Declarative parsing of command line arguments in python


You will probably agree with me that one of the most boring programming chores is the parsing of command line arguments. After programming one too many argument handling routine I decided to write a utility that does the job for me.

The following example shows the use of the resulting python class (CLAP):

 1  #!/usr/bin/env python
 3  # please note: the code below is just a usage example (modelled on a
 4  # hypothetical crypto utility)
 6  import sys, pprint
 7  from parseargs import CLAP
 9  class Crypto:
10      def __init__(self):
11          self.handleArgs()
13      def handleArgs(self):
14          # dictionary with command line args along with their types and defaults
15          args = {
16              ('–a', '–x', '––algo')      :   ('algo', str, None),
17              ('–c', '––crypt')           :   ('crypt', bool, None),
18              ('–d', '––decrypt')         :   ('decrypt', bool, None),
19              ('–e', '––echo', '––fyo')   :   ('echo', bool, None),
20              ('–l', '––lines')           :   ('lines', int, '25'),
21              ('–i', )                    :   ('input', str, None),
22              ('–o', )                    :   ('output', str, None),
23              ('–p', '––pager', '––pgr')  :   ('pager', str, '/usr/bin/less'),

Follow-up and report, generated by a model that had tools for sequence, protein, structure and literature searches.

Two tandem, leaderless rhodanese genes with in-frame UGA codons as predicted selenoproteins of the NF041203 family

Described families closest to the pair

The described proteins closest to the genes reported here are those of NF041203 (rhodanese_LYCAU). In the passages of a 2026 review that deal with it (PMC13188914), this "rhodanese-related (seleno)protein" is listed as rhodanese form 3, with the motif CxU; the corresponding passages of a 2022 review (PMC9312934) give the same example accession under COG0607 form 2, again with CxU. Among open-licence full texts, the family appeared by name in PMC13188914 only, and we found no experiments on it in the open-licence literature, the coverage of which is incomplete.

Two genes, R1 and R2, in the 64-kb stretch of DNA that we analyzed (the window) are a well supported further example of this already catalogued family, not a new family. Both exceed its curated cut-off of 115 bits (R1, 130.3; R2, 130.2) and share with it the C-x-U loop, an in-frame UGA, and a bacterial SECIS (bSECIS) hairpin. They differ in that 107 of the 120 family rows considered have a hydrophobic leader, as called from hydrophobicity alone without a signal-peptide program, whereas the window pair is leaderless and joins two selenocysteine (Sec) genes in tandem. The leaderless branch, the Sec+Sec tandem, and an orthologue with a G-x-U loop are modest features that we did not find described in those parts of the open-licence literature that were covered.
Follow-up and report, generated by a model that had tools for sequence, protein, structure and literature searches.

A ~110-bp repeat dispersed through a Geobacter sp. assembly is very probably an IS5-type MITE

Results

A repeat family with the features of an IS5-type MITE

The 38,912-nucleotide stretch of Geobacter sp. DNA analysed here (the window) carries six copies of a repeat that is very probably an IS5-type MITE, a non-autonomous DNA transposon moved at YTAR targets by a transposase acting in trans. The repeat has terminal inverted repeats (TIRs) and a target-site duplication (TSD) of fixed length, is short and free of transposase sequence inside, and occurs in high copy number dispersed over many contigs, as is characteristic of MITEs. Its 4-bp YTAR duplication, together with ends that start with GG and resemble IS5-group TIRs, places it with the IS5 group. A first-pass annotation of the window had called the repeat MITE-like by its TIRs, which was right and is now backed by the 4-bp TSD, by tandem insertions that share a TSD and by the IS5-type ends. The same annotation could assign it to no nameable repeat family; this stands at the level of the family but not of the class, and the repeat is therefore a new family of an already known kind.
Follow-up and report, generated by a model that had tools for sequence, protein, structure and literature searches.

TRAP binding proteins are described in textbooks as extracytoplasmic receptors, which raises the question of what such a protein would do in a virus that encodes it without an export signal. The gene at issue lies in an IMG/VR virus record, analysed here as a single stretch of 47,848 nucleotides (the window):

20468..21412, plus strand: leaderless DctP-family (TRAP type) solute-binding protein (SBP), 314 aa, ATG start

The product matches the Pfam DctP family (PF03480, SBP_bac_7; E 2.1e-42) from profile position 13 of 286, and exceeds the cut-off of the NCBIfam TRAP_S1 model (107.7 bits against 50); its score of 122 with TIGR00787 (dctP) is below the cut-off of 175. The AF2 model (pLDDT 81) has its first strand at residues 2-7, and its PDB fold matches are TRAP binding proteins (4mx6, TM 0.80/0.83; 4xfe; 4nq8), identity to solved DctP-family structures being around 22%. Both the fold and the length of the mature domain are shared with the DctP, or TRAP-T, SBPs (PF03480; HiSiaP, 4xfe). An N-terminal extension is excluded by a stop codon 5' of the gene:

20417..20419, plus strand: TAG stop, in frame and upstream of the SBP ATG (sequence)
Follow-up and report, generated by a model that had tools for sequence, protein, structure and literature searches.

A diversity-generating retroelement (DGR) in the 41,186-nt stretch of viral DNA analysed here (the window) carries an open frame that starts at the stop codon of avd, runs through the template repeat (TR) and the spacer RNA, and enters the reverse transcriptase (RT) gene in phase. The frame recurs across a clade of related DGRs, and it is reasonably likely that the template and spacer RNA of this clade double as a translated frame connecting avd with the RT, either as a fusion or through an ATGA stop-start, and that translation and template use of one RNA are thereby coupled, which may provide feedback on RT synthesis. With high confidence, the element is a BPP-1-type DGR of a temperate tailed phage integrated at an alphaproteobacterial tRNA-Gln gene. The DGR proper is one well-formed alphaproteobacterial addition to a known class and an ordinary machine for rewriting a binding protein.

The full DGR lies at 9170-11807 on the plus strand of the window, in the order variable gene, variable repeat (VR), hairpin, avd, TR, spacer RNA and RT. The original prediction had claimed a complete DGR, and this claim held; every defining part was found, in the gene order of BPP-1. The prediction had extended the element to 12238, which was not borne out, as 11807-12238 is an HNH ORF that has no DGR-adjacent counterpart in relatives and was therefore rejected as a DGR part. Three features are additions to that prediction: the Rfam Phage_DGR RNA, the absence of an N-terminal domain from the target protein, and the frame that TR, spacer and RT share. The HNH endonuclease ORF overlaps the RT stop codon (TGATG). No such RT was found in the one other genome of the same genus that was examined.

24              ('–r', '––recipient')       :   ('recipient', str, None)
25          }
27          apu = CLAP(sys.argv[1:], args, min_args=2)
28          self.args = apu.check_args()
30  if __name__ == '__main__':
31      c = Crypto()
32      pp = pprint.PrettyPrinter(indent=4)
33      pp.pprint(c.args)

As you can see, the main action is on lines 15-28. I opted for a more declarative approach i.e. I wanted to be able to “declare” the expected command line arguments (along with their types and default values) and be done.

Here is an usage example:

mhr@playground2:~/src/published$ python -d -a blowfish --echo
{   'algo': 'blowfish',
    'decrypt': True,
    'echo': True,
    'lines': 25,
    'pager': '/usr/bin/less'}

The first three values were supplied on the command line whereas the last two stem from defaults declared in the client code (see lines 20 and 23 above).

Here is what happens in case of erroneous user input (e.g. supplying the value ‘abc’ for argument ‘lines’ which is of type integer):